Inside India’s First Mobile Congress


Manish Singh, 27 September 2017 Inside India's First Mobile Congress

Highlights

  • For the first time, India is holding its own Mobile Congress
  • The three-day event attracted several top companies and gov't officials
  • Several interesting remarks were made on day one

Telecom operators Airtel and Reliance Jio have spent much of the past year playing the blame game. They have had several fierce public disagreements over which operator provides the fastest LTE network in India; they have had issues with each other's pricing strategies; and just this month, Airtel railed against the abolition of interconnect usage charges, a move it believes will help its rival Reliance Jio. Despite that, Reliance Industries Limited's Managing Director Mukesh Ambani and Airtel Chairman Sunil Bharti Mittal shared the stage on Wednesday and exchanged pleasantries, describing each other as friends.

That sighting took place at India Mobile Congress (IMC), the first edition of the event that’s designed to be along similar lines as the Mobile World Congress (MWC) that is held each year in Barcelona, Spain. The event is not affiliated with GSMA, the body that organises the MWC and satellite events across the world, but has been put together by Cellular Operators Association of India (COAI), a group that represents most of India’s leading telcos.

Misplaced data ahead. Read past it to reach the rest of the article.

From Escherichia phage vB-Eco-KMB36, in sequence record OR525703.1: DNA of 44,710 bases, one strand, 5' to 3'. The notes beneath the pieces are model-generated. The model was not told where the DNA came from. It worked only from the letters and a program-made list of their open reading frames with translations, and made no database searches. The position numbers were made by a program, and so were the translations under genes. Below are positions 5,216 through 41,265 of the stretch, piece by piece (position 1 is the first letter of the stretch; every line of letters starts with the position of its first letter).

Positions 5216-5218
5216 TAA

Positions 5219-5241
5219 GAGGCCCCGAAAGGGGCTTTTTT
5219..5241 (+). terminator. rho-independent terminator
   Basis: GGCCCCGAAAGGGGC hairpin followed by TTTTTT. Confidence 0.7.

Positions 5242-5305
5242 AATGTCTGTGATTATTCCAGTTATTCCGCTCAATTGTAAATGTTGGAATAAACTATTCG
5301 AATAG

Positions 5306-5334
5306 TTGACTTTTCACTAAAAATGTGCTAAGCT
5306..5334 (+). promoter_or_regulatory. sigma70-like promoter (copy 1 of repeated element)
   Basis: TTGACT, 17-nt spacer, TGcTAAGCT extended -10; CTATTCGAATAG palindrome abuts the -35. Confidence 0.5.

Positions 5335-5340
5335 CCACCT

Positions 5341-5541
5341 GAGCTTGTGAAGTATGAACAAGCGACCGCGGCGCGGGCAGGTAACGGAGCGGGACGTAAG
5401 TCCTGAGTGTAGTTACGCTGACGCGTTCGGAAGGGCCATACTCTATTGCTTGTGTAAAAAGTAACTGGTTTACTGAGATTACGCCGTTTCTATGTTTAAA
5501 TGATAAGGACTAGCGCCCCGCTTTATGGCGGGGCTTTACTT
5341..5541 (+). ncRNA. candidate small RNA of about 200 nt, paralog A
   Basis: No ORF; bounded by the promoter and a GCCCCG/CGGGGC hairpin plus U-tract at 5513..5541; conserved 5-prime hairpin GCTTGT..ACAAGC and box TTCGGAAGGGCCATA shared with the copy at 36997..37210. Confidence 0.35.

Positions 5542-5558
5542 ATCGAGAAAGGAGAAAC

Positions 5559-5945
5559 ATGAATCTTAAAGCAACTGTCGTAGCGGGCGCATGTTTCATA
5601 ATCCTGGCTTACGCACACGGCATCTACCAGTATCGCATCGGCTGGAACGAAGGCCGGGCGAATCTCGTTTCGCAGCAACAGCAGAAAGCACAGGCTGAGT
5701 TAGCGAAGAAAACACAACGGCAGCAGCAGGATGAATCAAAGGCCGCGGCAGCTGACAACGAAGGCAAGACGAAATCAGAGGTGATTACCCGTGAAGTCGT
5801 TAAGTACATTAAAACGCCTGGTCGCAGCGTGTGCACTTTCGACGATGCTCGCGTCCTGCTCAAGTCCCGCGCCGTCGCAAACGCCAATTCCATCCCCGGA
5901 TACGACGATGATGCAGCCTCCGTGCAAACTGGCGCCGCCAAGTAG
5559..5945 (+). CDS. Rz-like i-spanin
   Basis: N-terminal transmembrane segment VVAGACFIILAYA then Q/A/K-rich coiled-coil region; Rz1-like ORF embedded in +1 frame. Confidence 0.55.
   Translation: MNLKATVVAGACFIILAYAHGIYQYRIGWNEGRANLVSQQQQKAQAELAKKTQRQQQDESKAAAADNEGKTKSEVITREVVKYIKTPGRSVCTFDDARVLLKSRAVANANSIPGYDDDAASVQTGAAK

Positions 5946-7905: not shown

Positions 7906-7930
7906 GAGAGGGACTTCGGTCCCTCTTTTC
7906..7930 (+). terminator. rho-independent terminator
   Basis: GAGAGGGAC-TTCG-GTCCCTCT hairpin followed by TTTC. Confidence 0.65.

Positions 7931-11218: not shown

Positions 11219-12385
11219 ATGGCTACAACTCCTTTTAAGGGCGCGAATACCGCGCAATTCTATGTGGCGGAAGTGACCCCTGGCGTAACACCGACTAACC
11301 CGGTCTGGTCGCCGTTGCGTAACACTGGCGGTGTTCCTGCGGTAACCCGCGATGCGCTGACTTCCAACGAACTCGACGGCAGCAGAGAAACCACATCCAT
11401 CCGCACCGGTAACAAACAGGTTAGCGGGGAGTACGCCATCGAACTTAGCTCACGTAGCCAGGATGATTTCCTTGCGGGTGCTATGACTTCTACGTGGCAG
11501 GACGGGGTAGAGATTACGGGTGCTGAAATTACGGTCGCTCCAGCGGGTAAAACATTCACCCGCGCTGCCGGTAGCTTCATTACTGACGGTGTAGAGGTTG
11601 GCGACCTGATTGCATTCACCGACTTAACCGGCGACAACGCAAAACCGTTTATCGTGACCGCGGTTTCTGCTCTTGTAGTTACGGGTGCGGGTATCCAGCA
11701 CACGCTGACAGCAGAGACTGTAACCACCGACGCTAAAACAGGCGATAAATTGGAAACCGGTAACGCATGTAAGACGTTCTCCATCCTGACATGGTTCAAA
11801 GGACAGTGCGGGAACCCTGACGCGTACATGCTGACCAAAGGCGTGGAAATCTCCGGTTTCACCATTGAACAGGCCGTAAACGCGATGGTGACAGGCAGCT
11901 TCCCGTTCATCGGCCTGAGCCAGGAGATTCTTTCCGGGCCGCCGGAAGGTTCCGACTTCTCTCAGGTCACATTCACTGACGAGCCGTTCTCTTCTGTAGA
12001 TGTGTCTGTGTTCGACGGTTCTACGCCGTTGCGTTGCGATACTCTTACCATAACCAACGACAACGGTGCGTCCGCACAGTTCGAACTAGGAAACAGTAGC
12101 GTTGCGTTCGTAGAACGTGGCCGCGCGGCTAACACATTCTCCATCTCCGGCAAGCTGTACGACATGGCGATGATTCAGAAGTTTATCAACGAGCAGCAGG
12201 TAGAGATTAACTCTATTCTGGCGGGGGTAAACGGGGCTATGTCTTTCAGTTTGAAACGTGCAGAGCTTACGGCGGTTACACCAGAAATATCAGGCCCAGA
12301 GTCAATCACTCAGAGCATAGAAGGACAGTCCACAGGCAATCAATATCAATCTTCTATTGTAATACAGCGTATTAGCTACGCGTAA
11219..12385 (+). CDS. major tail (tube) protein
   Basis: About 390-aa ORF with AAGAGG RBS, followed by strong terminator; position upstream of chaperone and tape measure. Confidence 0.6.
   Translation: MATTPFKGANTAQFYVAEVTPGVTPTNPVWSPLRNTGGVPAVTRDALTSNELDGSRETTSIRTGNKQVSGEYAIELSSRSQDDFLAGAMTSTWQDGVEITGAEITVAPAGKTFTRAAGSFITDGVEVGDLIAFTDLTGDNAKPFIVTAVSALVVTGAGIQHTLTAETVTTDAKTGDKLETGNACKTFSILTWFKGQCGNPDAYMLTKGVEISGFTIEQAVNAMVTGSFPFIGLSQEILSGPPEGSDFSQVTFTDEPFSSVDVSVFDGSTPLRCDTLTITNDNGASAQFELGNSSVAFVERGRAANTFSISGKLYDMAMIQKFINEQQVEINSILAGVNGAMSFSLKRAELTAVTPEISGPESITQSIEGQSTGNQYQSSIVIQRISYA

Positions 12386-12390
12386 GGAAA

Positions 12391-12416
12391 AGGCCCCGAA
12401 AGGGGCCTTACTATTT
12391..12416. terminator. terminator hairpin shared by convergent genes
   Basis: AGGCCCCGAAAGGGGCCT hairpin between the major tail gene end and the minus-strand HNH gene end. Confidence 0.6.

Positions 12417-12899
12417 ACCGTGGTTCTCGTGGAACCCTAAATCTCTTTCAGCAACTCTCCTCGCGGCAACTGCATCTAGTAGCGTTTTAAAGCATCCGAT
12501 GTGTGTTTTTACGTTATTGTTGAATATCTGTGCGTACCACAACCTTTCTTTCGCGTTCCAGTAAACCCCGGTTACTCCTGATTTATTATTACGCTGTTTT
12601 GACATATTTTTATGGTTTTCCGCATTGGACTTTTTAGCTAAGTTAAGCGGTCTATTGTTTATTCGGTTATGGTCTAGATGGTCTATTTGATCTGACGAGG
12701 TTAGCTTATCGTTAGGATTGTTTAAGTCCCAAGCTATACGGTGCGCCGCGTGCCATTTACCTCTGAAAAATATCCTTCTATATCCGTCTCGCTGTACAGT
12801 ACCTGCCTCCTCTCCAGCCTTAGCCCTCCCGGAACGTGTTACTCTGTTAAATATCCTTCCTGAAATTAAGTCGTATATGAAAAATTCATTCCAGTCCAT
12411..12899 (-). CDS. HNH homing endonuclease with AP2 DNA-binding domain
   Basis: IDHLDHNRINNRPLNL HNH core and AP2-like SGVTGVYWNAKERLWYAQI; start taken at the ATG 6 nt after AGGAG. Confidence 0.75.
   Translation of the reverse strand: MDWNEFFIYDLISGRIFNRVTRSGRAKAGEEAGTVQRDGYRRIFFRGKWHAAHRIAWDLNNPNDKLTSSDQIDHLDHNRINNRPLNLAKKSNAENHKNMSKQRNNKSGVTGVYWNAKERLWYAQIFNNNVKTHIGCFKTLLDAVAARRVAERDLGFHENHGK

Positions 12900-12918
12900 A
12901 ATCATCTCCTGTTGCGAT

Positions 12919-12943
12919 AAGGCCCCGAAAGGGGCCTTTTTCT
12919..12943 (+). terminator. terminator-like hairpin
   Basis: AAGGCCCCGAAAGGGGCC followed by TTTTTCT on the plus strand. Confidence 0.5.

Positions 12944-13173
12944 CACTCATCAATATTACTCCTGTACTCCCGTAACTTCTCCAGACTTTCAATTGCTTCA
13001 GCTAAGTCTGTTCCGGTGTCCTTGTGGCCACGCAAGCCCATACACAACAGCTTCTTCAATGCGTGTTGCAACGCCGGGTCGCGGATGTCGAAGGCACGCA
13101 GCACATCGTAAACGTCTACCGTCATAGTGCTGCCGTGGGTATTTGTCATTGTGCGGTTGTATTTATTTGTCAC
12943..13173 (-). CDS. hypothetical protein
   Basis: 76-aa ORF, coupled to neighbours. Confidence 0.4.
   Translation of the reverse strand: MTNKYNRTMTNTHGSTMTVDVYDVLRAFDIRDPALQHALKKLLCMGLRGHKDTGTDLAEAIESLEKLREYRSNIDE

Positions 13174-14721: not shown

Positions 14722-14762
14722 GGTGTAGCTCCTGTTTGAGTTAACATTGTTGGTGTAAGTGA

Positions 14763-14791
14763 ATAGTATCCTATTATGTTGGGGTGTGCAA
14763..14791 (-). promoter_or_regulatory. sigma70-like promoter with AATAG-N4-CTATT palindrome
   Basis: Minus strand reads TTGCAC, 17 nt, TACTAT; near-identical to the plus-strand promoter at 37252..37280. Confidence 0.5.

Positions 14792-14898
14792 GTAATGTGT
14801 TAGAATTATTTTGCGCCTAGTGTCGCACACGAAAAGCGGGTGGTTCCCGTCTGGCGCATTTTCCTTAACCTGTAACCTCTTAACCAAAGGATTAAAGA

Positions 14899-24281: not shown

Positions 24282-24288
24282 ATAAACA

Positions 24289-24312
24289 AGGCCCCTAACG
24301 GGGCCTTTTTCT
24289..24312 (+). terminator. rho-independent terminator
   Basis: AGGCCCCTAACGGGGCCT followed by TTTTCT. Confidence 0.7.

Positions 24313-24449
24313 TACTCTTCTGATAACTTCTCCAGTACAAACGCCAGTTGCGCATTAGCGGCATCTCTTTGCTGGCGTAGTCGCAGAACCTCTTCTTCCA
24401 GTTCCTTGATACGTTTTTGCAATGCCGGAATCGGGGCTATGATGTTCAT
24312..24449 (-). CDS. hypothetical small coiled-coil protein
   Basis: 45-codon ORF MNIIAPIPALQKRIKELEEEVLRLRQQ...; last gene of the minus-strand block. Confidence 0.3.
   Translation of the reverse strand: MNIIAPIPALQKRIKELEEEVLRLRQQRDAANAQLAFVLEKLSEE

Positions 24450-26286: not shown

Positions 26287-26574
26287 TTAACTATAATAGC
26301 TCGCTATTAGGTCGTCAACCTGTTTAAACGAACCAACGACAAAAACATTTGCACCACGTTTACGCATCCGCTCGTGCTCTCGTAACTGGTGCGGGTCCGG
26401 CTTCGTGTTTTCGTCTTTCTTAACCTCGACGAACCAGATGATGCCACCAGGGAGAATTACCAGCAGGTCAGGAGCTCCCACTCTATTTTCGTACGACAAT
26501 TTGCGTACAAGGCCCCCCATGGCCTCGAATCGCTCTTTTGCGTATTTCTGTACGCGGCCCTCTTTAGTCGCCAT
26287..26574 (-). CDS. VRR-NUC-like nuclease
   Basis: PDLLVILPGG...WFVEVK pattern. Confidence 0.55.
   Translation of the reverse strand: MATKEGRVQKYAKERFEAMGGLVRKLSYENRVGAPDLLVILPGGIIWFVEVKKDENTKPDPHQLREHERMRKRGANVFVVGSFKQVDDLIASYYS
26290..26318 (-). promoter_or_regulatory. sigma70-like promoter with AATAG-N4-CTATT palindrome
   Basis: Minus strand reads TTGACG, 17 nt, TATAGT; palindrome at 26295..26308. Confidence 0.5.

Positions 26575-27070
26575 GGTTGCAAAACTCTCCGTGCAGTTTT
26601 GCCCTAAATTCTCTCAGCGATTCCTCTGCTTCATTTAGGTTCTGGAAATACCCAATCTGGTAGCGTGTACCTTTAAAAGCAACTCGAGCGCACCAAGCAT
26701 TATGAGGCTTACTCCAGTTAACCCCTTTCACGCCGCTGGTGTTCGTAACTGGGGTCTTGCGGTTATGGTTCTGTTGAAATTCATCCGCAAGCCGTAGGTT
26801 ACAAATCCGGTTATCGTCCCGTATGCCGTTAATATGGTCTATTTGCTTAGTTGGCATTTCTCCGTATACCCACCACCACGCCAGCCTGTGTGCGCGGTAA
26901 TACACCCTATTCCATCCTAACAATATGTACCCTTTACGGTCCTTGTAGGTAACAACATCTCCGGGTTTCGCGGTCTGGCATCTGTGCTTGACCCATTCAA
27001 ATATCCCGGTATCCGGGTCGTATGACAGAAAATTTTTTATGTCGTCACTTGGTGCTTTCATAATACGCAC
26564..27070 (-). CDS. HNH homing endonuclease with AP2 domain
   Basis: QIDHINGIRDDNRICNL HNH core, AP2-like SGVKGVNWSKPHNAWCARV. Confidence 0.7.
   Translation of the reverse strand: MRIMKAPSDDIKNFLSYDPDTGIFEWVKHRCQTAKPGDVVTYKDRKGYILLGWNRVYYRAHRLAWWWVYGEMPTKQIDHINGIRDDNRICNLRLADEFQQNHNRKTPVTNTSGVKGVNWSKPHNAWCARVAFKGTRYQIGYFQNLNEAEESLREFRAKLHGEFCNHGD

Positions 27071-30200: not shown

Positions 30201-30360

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More than 300 exhibitors, and hundreds of startups from across the country gathered across 15,000 square meters at Pragati Maidan in the India’s capital to demonstrate their products and services, while thousands of delegates from more than half a dozen nations roamed around the booths and asked for demos. It's by far the biggest conference of its kind in India, Venugopal Iyengar, Chief Operating Officer at Apalya – an OTT video solutions company which counts Vodafone as a client – told Gadgets 360.

Interestingly, the booth that was drawing the most attention wasn't that of a telco or a smartphone maker, but rather, a feature phone company – Detel. It sells a range of feature phones, with its least expensive model priced at just Rs. 299 ($4.5). "This is why we are here – to get the word out. The entire industry is here," Munish Jindal, Vice President of Detel told Gadgets 360. Although you might not be familiar with the brand, Detel has already shipped close to a million of these handsets, Jindal said.

The event also saw executives from Google, Qualcomm, MediaTek, Ericsson, Nokia, and HP among others. Top government officials including Manoj Sinha, Minister of Communication; Ravi Shankar Prasad, Minister of Electronics and Information Technology, and Law and Justice; Aruna Sundarajan, Secretary and Chairperson of Telecom Commission, Department of Telecommunications; were also present, among others. Many of them took part in various panels as they discussed emerging technologies and areas that still require much attention from all stakeholders.